Auckland has had the highest number of claims for skiing and snowboarding injuries of any region in the country his year.
Data from ACC released to the Herald shows $11.9 million has been spent so far this year up until June 30, with 1018 new claims. That comes off the back of the $31.7 million spent in 2020, the highest in five years.
In previous years, Otago has had the most skiing and snowboarding injuries of any region with 5511 claims in 2020, followed by Canterbury with 2208 and Manawatū-Whanganui with 1890. Auckland typically falls in the middle of the list with 1201 last year.
But things are looking different this season with just 164 new claims in Otago and 219 in Canterbury so far. Auckland currently has the highest with 362 new claims, according to information released under the Official Information Act.
Record numbers at ski fields
With Covid-19 travel restrictions, New Zealanders hit the ski slopes in record numbers in a restricted 2020 season, an ACC spokesperson said.
They said the Queenstown Lakes district ski areas, in particular, reported a large increase in New Zealanders visiting their resorts, especially over the school holidays when visitor numbers on some days topped 2019.
The cost of snow sports injuries last year, $31.7 million, was the highest in the past five years; $29.4 million was spent in 2019.
In Otago alone, the cost of helping people recover from skiing injuries was $7.6m and $4.2 million for snowboarding injuries.
Across New Zealand, there were 12,539 snow sport-related claims – 7871 (skiing) and 4668 (snowboarding) – which was slightly down on the 13,780 claims accepted in 2019.
Who is the most prone to injury?
The 45-54 age group had the greatest number of skiing injuries (1686), while the 20-29 age group was the most prominent for snowboarding injuries (1765) in 2020.
The data shows skiing is much more likely to result in injury than snowboarding, with almost double the amount of new claims last year.
There were 7950 new claims for skiing injuries with $21.3 million spent and 4686 for snowboarding, with $10.3 million spent.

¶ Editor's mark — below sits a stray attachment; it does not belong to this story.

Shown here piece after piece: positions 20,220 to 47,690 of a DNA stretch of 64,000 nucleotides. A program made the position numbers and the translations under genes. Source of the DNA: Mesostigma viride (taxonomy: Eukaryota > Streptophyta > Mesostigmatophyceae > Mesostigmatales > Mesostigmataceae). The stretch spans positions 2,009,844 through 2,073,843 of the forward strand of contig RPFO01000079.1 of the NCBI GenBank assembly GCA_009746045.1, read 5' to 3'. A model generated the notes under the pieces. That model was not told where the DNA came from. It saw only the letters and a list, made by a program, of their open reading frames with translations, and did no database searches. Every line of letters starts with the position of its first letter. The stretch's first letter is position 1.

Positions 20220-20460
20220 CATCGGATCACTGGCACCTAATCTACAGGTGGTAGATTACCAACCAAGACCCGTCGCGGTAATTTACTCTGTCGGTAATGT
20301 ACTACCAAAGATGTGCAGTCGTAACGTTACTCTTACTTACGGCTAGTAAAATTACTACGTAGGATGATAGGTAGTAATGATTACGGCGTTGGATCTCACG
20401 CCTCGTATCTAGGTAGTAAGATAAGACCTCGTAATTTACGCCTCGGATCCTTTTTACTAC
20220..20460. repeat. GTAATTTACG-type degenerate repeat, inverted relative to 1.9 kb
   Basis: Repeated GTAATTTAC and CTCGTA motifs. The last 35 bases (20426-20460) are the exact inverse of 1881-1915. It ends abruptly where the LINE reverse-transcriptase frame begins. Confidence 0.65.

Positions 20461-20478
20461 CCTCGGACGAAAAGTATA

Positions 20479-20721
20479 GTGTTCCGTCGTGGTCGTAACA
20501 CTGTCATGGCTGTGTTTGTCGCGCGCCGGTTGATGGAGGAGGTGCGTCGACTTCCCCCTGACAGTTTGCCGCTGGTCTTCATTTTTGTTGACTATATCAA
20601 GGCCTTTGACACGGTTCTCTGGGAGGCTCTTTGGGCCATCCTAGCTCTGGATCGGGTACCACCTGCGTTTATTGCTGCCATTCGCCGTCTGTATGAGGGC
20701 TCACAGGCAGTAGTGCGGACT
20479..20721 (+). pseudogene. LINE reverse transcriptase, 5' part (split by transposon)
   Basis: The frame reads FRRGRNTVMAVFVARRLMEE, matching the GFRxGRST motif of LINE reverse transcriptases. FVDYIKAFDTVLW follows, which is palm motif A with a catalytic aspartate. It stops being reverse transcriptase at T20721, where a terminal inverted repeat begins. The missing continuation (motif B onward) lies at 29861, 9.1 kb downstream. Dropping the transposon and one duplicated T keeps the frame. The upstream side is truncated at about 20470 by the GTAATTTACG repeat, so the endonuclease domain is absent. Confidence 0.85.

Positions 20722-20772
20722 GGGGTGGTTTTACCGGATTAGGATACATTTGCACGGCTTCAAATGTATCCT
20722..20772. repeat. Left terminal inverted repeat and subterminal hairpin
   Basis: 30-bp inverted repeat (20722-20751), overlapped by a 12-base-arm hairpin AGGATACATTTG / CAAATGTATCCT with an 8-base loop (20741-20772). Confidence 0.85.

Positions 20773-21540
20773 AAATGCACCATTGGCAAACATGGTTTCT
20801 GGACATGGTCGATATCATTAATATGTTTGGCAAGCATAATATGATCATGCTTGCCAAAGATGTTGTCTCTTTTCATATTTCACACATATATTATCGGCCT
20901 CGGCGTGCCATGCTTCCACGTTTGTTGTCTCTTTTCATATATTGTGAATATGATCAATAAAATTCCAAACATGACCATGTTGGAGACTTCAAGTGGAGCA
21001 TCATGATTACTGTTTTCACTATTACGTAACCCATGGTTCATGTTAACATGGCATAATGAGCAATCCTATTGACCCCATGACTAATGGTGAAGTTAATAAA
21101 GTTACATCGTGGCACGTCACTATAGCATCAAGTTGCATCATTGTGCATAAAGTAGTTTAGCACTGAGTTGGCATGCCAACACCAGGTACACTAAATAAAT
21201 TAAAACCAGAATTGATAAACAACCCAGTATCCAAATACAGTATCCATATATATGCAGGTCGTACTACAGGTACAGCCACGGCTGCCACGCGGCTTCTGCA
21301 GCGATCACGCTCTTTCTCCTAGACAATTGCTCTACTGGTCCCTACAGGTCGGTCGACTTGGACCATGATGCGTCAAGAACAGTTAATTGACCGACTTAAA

A total of 1416 people suffered fractures or dislocations while 440 people made claims for concussions or brain injuries last year. Soft tissue injury is the most common diagnosis.
Knee injuries are the most common for skiers with ,119 claims made in 2020. A total of 751 claims were made for shoulder injures – the most common for snowboarders.
Male snowboarders (2962) sustained 58 per cent more injuries than females (1724) last year.
'Have a Hmmm' before hitting the slopes
In the past five years, ACC has spent almost $140m helping people recover from snow sports injuries.
ACC injury prevention leader Kirsten Malpas is encouraging all Kiwis to share the slopes safely.
“There’s nothing better than a weekend away with your mates or family enjoying perfect conditions on the mountain,” she says.
“We want everyone to embrace that and enjoy this winter season on the slopes.
“But our claims data shows us that the skiing slopes are a high-risk place for injury. We are encouraging anyone who is heading to the mountain to take a moment.
“‘Have a Hmmm’ to assess if your ability matches the trail grade, and end your day when you start to feel fatigue creeping in.”
Malpas encouraged any casual skiers and snowboarders to hit the gym and strengthen their legs to make sure they were ready for the rigours of a day on the slopes.
In April, ACC launched an injury prevention campaign called Preventable. It is based on research that shows that 90 per cent of injuries are predictable and therefore preventable.
ACC spends around $80m every year on injury prevention.